It is submitted that at the time of decision, Jio was the only company to provide free calling and SMS services to its customers. Ignoring the cost which Jio had to incur on Jio-to-Jio services, Jio still would have been required to pay a 14- paise per minute cost to other networks.[3] This shows that Jio charged for services at a rate lower than its cost of production. Further, Jio had intention to drive out competitors and recover market losses gradually. It is submitted that the Commission has wrongly interpreted the free calling and internet services offered by Jio to be part of fair competition. The Commission, ignoring Jio’s high share in the market and its presence since September 2016, held Jio to be new entrant in the market.[4] Further, the Commission failed to consider merger of Jio with Reliance Communications- another player of the relevant market.[5] Reliance Communications, prior to its merger with Jio, had already made plans for merger with Aircel and Sistema in the year 2017;[6] such move, if considered, would have been enough to establish Jio’s intention to reduce competition.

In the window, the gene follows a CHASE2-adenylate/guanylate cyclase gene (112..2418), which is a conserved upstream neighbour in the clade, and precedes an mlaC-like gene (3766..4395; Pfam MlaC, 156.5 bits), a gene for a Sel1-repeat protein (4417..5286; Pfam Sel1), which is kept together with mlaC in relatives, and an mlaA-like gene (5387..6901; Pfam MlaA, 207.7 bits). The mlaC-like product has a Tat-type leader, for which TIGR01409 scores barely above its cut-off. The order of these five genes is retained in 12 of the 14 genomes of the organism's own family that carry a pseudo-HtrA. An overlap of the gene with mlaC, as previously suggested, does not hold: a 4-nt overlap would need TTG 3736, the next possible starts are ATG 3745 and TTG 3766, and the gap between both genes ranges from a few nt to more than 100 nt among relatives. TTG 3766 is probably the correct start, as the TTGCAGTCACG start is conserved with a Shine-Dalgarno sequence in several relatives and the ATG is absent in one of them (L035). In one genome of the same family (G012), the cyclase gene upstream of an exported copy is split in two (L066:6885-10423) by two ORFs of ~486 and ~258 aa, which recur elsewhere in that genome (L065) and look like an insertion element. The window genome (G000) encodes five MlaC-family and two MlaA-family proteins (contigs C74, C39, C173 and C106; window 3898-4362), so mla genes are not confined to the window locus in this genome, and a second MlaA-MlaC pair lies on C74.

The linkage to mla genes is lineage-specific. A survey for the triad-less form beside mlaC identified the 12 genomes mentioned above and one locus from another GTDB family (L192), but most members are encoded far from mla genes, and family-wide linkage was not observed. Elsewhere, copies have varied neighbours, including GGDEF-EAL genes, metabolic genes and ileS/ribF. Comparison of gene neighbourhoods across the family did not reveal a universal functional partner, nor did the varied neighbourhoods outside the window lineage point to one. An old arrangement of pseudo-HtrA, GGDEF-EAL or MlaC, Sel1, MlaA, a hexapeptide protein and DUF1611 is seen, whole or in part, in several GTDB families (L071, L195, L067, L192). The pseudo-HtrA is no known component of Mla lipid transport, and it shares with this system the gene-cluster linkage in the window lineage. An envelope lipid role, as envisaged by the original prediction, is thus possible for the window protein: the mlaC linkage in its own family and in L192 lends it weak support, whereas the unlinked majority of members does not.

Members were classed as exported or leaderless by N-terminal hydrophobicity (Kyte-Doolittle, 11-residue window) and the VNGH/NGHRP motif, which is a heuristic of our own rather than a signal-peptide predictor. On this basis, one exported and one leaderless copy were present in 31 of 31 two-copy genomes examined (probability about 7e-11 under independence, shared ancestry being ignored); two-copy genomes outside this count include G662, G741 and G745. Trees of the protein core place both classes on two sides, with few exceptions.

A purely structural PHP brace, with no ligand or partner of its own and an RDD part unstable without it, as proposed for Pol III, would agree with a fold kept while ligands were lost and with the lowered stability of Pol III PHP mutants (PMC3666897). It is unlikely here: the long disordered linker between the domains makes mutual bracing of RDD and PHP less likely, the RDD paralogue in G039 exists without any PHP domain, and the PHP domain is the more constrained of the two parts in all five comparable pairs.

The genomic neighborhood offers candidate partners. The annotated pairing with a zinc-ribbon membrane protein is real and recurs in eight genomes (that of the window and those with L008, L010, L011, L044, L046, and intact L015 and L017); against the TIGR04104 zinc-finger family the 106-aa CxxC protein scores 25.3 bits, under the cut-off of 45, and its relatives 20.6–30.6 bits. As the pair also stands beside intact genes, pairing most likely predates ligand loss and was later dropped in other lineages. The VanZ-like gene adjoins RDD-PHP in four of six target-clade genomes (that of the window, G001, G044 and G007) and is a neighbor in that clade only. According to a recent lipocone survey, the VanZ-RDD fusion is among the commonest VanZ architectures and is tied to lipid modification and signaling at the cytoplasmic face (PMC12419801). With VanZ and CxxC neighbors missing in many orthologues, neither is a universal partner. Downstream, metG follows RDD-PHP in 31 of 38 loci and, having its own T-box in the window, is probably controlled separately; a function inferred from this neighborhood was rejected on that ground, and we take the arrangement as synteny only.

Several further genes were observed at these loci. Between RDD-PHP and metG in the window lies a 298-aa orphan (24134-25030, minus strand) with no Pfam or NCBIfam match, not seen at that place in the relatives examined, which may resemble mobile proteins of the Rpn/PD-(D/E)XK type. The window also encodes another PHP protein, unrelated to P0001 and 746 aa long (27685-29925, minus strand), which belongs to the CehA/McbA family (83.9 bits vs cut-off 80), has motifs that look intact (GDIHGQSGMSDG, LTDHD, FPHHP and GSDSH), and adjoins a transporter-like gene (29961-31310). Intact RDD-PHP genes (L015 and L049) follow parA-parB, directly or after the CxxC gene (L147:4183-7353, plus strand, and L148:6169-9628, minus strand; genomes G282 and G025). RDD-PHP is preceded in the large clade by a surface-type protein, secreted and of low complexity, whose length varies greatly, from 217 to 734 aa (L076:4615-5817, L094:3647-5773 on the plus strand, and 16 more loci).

As per section 4 of the Competition Act, 2002, for a pricing policy to be classified as predatory, the company must have a dominant position in the relevant market. Further, as per section 19(4), dominant position can be determined by seeing the size and resources, the economic power, the source of such position along with the consumer dependence on the company. Hence, the Commission should have focused only on the market share of Jio while determining its position in the market. Airtel presented two key submissions before the Commission. First, Reliance Industry, being a parent company of Jio, had given Jio full access to its funds for its development purposes, and second, Jio’s offers such as Jio Welcome Offer were predatory in nature aimed at taking away Airtel’s customers. However, both of these contentions were rejected by the Commission on the certain grounds.